Orthodox Heterodoxy and the Tragedy in Norway

by W.F. Price on July 27, 2011

Yesterday evening, I stopped by the local vigil for the Norwegian victims of Anders Breivik’s rampage. It was held at the Nordic Heritage museum in Ballard, which is Seattle’s Scandinavian neighborhood. The event was attended by hundreds of people, as Seattle is still home to many Norwegian nationals and people of Norwegian ancestry (I am part Norwegian myself). Norwegian Consul Kim Nesselquist was there, as were Dr. Loren Anderson, the president of Pacific Lutheran University, and a couple Lutheran pastors. It was a Lutheran service, including prayers, some singing and music, a speech by the consul and what was essentially a sermon by the president of PLU.

It was a heartfelt vigil, especially for the Norwegian Consul, whose voice broke as he expressed gratitude to the people of Seattle. It is saying something when a Norwegian man expresses such emotion. To me, what was most touching was hearing the churchgoing women around me sing Amazing Grace in soft tones.

I looked around at the largely Scandinavian crowd, seeing a couple people I recognized, and felt very much at home, despite the fact that I was raised Catholic. Although emotions were subdued, as is the Scandinavian custom, the sense of grief was real and palpable.

My own feelings about the vigil and the tragedy in Norway were those of resignation. Having worked for years cataloging countless atrocities and massacres in the volatile Middle East and other conflict areas, I couldn’t help but feel a sense of inevitability about the killings. When I first heard about it, it struck me immediately that it was a sectarian slaughter, the likes of which occur on a regular basis in places such as Kashmir, Northwest Frontier Province in Pakistan, Sri Lanka, Nigeria, etc.

As I listened to Loren Anderson give his sermon, endorsing the lofty liberal ideals of FDR, imploring us to cherish diversity and individualism, and to contemplate the balance between freedom and responsibility, I felt nostalgia rather than hope. The days when these ideals worked tolerably well are drawing to an end.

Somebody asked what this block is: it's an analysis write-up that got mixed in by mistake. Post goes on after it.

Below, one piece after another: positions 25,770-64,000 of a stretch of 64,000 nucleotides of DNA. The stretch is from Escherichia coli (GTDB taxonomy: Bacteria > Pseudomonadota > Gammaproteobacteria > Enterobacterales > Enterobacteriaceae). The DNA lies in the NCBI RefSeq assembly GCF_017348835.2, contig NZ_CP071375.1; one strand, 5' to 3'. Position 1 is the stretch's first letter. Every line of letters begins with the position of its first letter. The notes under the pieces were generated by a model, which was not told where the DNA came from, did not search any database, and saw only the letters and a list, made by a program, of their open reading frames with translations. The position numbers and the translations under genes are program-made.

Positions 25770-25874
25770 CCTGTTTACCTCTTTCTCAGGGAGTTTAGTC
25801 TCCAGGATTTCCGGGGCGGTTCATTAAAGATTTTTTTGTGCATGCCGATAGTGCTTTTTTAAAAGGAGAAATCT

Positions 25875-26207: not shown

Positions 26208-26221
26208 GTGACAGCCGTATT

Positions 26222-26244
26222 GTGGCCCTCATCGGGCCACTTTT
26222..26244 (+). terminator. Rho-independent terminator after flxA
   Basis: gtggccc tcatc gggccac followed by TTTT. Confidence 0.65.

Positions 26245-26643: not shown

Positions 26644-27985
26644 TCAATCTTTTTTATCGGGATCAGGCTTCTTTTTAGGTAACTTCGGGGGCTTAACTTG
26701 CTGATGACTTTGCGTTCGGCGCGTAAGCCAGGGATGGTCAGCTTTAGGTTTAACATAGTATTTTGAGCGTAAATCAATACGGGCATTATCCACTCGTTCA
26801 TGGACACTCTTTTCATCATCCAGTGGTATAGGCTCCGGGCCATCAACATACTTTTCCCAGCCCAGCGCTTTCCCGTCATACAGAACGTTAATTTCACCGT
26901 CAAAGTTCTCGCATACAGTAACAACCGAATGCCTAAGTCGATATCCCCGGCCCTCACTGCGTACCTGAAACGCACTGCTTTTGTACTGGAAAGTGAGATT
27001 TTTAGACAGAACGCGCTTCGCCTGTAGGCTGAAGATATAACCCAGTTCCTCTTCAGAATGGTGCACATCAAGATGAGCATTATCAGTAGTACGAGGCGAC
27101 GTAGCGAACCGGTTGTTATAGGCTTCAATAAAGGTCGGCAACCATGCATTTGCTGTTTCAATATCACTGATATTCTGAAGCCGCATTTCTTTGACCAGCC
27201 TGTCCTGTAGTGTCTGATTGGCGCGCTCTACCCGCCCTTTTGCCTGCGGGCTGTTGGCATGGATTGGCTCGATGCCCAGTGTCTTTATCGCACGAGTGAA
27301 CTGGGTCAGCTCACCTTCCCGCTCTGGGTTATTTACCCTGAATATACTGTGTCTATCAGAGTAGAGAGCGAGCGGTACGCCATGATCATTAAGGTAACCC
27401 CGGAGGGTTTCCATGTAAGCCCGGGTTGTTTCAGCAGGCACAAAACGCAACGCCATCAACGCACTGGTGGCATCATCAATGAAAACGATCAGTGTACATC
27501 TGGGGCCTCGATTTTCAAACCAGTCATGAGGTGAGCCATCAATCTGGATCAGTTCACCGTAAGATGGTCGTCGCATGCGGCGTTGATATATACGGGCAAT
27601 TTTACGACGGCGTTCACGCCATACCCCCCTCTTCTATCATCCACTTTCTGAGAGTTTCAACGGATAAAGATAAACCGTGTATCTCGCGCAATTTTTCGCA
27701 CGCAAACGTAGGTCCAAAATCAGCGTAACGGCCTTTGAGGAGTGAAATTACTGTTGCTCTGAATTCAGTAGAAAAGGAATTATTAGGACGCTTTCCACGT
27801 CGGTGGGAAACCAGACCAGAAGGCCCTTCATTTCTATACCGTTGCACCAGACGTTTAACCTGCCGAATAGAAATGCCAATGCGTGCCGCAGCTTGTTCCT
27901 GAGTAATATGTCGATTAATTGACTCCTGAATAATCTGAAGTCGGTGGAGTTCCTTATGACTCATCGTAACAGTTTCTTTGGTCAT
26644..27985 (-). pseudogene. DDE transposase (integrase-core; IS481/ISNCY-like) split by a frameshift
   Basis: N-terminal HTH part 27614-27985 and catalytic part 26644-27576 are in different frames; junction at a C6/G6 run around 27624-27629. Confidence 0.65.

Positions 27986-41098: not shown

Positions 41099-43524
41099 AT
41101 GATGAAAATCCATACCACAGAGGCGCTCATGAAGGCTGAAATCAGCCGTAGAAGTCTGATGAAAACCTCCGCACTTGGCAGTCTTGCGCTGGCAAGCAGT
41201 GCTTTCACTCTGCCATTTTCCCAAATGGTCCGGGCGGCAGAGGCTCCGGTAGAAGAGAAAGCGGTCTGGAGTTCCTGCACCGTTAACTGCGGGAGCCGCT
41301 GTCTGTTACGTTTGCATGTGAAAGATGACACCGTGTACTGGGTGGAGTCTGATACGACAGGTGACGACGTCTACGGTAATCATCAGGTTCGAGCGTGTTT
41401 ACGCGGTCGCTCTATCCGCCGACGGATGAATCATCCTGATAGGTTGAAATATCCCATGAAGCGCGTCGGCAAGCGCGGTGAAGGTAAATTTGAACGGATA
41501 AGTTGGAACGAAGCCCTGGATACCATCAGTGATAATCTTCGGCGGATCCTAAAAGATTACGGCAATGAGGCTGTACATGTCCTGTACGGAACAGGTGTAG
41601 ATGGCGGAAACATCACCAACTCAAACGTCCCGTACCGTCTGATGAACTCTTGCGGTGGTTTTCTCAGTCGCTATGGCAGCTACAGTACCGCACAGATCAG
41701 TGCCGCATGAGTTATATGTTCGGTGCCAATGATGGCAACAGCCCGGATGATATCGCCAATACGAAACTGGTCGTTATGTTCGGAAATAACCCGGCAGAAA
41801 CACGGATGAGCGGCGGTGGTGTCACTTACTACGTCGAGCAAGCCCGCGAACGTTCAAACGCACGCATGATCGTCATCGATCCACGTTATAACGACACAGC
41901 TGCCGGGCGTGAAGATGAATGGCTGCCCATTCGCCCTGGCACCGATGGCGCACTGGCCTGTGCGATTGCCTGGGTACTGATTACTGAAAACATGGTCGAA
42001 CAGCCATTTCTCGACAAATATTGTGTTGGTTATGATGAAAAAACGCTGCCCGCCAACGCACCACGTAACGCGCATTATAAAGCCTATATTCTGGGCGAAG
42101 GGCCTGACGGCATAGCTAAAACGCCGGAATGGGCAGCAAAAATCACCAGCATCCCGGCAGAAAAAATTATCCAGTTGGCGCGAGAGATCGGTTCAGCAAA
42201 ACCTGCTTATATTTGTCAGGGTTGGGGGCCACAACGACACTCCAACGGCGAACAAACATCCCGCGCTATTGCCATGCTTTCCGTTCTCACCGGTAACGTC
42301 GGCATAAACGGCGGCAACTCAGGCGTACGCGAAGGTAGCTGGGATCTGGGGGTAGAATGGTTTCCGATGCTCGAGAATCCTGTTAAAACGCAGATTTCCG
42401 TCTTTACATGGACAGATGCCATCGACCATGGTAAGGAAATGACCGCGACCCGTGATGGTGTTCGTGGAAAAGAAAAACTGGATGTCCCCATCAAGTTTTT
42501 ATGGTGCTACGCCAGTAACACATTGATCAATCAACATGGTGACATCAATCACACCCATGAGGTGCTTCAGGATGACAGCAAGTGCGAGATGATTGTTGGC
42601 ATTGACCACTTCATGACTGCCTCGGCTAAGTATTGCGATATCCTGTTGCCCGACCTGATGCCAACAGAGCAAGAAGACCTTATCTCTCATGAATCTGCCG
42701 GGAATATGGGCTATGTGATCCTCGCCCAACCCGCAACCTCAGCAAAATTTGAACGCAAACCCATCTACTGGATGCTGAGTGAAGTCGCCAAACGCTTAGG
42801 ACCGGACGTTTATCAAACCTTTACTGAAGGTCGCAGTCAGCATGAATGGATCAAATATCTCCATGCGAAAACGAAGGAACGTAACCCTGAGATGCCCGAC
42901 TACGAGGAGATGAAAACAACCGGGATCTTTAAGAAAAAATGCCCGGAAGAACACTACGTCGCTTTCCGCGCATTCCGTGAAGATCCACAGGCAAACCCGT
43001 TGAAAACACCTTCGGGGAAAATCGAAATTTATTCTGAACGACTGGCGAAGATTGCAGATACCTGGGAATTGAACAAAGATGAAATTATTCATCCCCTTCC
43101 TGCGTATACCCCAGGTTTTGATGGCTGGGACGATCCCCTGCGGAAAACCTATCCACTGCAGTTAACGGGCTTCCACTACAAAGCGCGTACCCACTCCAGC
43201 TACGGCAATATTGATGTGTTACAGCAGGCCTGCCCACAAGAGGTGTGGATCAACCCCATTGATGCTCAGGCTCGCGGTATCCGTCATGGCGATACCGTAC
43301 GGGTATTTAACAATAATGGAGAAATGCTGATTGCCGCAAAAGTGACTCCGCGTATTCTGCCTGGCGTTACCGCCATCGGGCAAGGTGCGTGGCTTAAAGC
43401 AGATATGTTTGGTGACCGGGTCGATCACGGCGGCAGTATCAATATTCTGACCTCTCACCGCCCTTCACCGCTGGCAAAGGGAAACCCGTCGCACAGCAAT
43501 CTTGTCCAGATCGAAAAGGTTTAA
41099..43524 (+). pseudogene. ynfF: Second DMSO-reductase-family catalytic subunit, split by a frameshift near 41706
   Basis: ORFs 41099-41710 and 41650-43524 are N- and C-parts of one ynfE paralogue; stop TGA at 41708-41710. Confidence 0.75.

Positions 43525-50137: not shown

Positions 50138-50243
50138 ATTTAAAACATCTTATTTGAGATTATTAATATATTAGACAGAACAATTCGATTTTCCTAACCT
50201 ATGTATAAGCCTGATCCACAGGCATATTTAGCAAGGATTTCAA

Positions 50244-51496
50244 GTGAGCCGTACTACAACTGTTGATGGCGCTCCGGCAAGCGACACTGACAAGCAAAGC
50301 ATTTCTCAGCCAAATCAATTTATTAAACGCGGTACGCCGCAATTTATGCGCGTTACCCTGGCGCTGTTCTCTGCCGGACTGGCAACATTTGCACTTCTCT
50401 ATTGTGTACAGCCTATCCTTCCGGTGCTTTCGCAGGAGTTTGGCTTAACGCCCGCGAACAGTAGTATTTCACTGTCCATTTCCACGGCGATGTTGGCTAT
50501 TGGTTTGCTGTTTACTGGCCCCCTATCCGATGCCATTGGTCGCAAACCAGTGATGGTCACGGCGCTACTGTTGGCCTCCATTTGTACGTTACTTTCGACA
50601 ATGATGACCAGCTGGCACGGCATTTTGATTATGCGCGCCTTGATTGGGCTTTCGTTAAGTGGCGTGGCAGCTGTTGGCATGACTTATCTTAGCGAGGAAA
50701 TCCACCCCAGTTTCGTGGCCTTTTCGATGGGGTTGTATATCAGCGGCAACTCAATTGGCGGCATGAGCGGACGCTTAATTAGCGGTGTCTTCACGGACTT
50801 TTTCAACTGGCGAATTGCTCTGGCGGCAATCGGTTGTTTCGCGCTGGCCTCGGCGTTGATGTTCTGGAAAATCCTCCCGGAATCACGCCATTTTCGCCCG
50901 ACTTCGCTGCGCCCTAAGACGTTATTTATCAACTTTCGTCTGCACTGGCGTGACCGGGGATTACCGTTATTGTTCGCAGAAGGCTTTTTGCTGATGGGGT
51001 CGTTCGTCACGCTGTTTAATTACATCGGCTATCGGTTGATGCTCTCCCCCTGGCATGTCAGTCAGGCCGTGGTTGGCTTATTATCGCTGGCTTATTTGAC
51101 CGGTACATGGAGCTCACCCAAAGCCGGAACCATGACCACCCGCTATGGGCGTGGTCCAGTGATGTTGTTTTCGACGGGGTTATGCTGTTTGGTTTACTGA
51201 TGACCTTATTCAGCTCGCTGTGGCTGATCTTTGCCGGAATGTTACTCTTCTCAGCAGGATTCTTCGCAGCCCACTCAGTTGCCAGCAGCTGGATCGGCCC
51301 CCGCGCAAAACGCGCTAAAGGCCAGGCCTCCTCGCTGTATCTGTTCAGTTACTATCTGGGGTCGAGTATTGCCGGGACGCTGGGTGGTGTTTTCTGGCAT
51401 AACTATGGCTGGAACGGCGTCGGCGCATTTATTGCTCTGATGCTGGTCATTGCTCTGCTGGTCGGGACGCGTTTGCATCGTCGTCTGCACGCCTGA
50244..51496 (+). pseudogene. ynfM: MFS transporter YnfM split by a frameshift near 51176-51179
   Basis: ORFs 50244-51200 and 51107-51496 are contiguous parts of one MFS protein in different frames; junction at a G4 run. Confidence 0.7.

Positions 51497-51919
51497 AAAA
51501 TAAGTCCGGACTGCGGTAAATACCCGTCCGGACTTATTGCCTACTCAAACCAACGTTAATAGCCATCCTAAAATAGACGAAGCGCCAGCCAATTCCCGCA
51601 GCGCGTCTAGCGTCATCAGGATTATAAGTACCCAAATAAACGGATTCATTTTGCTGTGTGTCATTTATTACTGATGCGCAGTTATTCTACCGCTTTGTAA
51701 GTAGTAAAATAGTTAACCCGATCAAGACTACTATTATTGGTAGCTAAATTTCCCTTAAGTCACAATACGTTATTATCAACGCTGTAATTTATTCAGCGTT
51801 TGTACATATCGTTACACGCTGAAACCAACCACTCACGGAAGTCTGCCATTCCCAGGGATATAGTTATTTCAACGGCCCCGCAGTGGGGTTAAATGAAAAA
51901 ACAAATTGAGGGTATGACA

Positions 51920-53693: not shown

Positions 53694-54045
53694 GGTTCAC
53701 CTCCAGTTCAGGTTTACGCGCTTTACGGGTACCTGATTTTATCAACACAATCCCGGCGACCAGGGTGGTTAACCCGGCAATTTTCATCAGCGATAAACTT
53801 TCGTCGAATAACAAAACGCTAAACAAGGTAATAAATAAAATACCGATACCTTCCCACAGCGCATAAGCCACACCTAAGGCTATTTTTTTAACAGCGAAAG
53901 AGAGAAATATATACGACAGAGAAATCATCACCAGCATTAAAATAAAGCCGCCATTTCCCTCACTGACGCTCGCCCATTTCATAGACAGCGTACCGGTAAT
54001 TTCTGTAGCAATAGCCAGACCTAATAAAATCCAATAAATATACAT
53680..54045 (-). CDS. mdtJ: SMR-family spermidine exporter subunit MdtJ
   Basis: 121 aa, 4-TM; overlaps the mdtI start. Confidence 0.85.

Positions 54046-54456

Dr. Anderson, president of a university, is clearly a proponent of the liberal orthodoxy that has prevailed in the West since WWII, and is the only true bond that unites the elites of our civilization.

In a society that mirrors the demographics of the people I saw yesterday evening, it is a humane, progressive and functional governing philosophy, but in its endorsement of cultural heterodoxy (i.e. diversity and multiculturalism) it contains the seeds of its own destruction. It is essentially a program of atomization and dissolution in the name in the name of freedom and individualism on the one hand, and a heavy-handed repression of any communal resistance to it on the other. The result is that all balance and natural restraint is thrown to the wind, and political and social movements take on the character of tribalism, which is the default (and savage) form of social organization amongst human beings.

Therefore, we have an elite that not only endorses, but actively strives to create a society that lacks cohesion, is suspicious of others in its midst, and necessarily takes an adversarial position over any and all differences. Is it any wonder that some depraved individual may take this to its extreme conclusion and attempt to wipe out the next generation of his perceived rivals? How, in a “diverse, multicultural society” full of competing interests could we expect there to be a sense of obligation to one’s neighbors, let alone compatriots?

I know how, but it’s nothing like what the Western elites have in mind. In the kind of society they are busy creating, the only solution to endless conflict is an overriding, supreme ideology of some sort, such as Islam, Communism, Christianity or Imperial China’s emperor worship. But they will have none of this. Inevitably, the proposed solution will be more heterodoxy, more multiculturalism — more tribalism in short. And they, and we, and everyone else around us, will get it.

Look to a West that increasingly resembles a sectarian frontier; the kind of place Osama bin Ladin lived out the final years of his life. When the resources of the state dwindle, it will be a much harder place to handle than it used to be.

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